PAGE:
Monday, September 6, 2010
CSA Share Week 15
This time of year most home gardeners put away their shovels and hoes. They enjoy what their gardens might happen to yield. Otherwise, what’s done is done. But after the last couple weeks of yo-yo weather we’ve had here, even those stick-it-out-‘til-the-bitter-end gardeners are feeling left with little choice but to call it quits.
While we’ve had a summer full of weather extremes, the latest two episodes were rough. It started two weekends ago when we had 6 inches of rain in about 24 hours. A state of emergency was declared in our valley because creeks and rivers were overflowing, making some roads impassable. The end result of that here on the farm wasn’t so great either. Certain low-lying fall plants simply drowned.
Next came the heat. Seven days of 90-plus degree hot, humid weather. No matter the crop, plants struggle in that kind of intense, sustained heat. Some just don’t make it. A lettuce crop we’d hoped to be harvesting right now (as we’re surely hankering for a head of lettuce) bolted. This happens when it’s too hot. The lettuce shoots up seemingly overnight to take on a cone-like shape and a bitter taste. There’s nothing to do but till it under.
By late Friday the cool air most elegantly arrived, and we’ve found ourselves thankful to be starting the day in long sleeve shirts.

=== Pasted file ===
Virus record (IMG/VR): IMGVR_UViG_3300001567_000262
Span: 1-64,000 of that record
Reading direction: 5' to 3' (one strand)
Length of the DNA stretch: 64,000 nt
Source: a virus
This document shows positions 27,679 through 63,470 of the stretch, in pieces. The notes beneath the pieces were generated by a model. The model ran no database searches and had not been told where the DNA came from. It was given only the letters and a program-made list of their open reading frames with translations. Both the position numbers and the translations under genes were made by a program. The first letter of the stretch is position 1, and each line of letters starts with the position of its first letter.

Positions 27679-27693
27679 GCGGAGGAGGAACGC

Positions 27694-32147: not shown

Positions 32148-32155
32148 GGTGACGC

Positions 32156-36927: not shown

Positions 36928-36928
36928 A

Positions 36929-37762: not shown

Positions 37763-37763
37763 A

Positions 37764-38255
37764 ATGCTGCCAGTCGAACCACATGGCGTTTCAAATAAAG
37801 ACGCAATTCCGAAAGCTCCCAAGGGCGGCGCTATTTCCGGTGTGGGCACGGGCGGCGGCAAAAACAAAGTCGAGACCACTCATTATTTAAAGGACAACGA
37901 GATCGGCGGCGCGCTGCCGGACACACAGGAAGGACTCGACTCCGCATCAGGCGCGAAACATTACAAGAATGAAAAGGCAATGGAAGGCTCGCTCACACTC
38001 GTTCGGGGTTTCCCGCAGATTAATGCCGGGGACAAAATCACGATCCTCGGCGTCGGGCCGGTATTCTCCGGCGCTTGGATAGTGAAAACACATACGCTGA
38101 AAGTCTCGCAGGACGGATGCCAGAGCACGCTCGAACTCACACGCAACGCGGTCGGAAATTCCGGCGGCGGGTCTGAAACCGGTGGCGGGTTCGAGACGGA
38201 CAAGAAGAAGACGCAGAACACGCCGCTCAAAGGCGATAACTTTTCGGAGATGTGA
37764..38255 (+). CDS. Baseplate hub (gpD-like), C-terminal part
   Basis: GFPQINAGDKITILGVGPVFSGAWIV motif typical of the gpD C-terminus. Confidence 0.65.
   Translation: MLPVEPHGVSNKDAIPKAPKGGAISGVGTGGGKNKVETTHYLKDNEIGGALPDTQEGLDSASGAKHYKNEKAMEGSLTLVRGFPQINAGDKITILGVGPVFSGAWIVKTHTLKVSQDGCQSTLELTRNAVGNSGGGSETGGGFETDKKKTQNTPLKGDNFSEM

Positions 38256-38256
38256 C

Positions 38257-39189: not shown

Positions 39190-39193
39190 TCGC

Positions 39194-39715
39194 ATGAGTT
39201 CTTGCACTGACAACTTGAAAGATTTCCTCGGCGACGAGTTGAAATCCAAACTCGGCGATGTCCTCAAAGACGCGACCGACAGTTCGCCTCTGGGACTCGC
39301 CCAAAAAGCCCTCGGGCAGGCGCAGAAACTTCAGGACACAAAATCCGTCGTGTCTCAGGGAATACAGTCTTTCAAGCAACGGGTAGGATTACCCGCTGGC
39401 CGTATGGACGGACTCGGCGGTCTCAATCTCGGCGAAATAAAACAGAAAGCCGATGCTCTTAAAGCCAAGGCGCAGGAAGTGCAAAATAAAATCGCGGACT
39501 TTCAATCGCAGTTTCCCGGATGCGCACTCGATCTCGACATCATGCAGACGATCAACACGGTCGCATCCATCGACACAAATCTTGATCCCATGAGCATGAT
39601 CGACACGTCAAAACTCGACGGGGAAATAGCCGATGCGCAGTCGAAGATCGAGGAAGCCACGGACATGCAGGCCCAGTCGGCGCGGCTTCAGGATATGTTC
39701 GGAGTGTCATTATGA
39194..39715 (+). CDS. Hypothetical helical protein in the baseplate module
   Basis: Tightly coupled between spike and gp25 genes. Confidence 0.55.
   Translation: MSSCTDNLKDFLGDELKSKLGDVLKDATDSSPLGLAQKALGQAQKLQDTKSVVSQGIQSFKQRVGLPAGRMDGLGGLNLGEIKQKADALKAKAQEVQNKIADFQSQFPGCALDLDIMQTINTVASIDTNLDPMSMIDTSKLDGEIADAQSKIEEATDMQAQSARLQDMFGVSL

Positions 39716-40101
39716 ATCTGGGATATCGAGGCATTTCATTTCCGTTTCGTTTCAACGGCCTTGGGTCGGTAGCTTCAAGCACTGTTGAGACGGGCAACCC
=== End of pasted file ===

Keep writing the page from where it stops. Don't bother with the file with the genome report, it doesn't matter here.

Despite that fall feeling in the air, we’re still looking forward. It’s evident in our greenhouse, well-stocked with young, growing plants. We’ve newly prepared seed beds in the fields where we’re planting more arugula, salad greens, radish, etc. And in our basement a few “speed trays” of seedlings (pac choi and radicchio) are coming to life under grow lamps. So even though it might feel like we’ve plummeted into autumn, we’re banking on there still being time to keep growing some quick-to-grow, cool tolerant crops. It’s always worth a shot. How much time will we have? Well, we’re afraid that’s up to our friend Jack Frost.
In this week’s share:
1 1/2 lbs Yukon Gold potatoes
6 ounces arugula
8 ounces (1/2 lb.) shallots
1 pound beets (no greens)
1 head escarole
2 bell peppers
A note on this week’s eggplant:
Like fair-skinned people, light-colored vegetables can suffer from intense sun, of which we’ve recently had plenty. You may notice it in this week’s share with one of the two varieties of eggplant. With the round-ish Rosa Bianca eggplant, which has violet and white streaks, some of the skin has begun to take on a yellow hue. Don’t be turned off by this. It’s simply a “sunburn” and doesn’t affect the quality or taste of this Italian heirloom variety known for its creamy, mild flavor.
Similarly, we’ve heard a number of people at our farmers’ markets recently ask how to tell if an eggplant is ripe. If it’s firm and the skin smooth and glossy, it’s good. It doesn’t matter what size the eggplant is. And if your eggplant sits in your refrigerator and begins to take on that puckered look, don’t feel like you have to throw it out. It’s simply losing moisture. In our experience, it has to look rather withered before it’s unusable.
An advisory on last week’s “sweet” hot peppers.